Coronavirus: India reports 4,500 more deaths; deadliest day yet
On Wednesday, India reported over 4,500 more COVID-19 deaths, marking the deadliest day for the country since the pandemic began. However, the daily number of infections has been declining. Experts argue this may be because of improper surveillance. India reported 2.67 lakh new infections on Wednesday, down from a record number of 4.14 lakh single-day infections just two weeks ago. Here are more details.
India's tally reaches 2.54 crore cases, 2.83 lakh deaths
According to the Union Health Ministry, till Wednesday morning, India reported a total of 2,54,96,330 COVID-19 cases. The death toll has reached 2,83,248. So far, 2,19,86,363 patients have recovered, while 32,26,719 cases involve active infections. In the past 24 hours alone, India recorded 2,67,334 new infections, 3,89,851 more discharges, and 4,475 fresh fatalities. 18,58,09,302 vaccine doses have been administered so far.
Recoveries surpass fresh cases in worst-hit states
Maharashtra reported 28,438 new COVID-19 cases, down by 1,822 infections compared to Monday, along with 52,898 more recoveries. Karnataka—the second worst-hit state after Maharashtra—reported 30,309 new cases and 58,395 discharges. Meanwhile, the third worst-hit Kerala added 31,337 new cases and 45,926 recoveries. Uttar Pradesh reported 8,737 new cases and 21,108 recoveries. Tamil Nadu—the fifth worst-hit state—reported 33,059 new cases and 21,362 recoveries.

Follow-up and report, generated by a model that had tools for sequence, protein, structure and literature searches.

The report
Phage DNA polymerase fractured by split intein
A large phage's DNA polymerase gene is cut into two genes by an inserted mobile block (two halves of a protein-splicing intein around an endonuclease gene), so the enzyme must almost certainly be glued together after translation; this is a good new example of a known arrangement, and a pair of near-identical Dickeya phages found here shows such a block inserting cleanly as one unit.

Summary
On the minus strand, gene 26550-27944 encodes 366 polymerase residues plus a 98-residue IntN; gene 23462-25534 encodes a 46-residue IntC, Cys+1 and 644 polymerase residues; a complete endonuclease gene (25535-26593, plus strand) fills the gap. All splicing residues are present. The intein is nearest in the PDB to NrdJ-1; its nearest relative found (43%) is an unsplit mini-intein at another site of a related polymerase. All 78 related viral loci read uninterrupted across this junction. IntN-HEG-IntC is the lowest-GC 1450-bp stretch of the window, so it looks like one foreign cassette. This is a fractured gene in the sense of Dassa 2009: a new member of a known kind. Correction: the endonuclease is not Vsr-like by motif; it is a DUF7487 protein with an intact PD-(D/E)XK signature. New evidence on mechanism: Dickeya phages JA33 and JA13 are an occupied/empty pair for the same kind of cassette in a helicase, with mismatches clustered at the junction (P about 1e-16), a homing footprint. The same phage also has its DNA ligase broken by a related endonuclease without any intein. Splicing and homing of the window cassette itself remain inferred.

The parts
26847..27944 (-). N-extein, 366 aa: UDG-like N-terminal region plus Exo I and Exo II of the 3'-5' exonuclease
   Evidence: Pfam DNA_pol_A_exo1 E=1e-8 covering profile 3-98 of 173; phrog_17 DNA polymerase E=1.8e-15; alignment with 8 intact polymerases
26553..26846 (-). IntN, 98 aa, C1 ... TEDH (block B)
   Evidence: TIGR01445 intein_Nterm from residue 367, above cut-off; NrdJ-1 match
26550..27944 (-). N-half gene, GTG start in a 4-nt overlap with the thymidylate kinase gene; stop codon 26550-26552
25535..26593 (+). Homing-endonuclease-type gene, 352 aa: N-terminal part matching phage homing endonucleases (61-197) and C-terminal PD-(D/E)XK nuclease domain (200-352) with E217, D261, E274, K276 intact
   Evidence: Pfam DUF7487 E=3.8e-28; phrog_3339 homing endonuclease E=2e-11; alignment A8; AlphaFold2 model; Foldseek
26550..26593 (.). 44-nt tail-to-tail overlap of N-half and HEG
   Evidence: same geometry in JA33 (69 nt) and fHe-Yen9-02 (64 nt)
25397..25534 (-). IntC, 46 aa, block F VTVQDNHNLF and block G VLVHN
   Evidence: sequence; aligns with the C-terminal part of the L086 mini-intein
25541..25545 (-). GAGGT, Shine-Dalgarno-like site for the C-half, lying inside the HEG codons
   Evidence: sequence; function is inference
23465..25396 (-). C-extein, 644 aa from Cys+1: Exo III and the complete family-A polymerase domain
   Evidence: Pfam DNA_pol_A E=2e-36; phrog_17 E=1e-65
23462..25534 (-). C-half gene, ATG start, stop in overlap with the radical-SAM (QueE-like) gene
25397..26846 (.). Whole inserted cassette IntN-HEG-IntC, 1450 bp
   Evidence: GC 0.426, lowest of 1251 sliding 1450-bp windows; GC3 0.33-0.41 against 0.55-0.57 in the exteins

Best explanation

Cyclone Tauktae further disrupts response to COVID-19
In India's western and southern states, Cyclone Tauktae presented itself as additional trouble during a pre-existing crisis. Gujarat—where the cyclone made landfall—conducted COVID-19 tests on the two lakh people that were shifted to shelter homes. Several hospitals await backup generators amid a disrupted power supply, vaccinations have been suspended at least until Wednesday, and the state awaits additional oxygen supplies, Reuters reported.
India's vaccine policy needs a reset, says expert
Writing in the Hindustan Times, Chandrakant Lahariya—a public policy and health systems expert—called for a "reset" of India's vaccine policy. "For six weeks now, India's vaccination drive has been struggling," he said. "The political leadership should give a free hand to technical experts to decide and implement new strategies." India—which is looking to expand its vaccination drive—is facing a shortage of vaccines.
India may not resume vaccine export till October
India is unlikely to resume major exports of doses at least until October, Reuters reported citing government sources. Meanwhile, India's Biological E will start producing doses of the single-shot Johnson & Johnson COVID-19 vaccine, aiming to produce 600 million doses annually.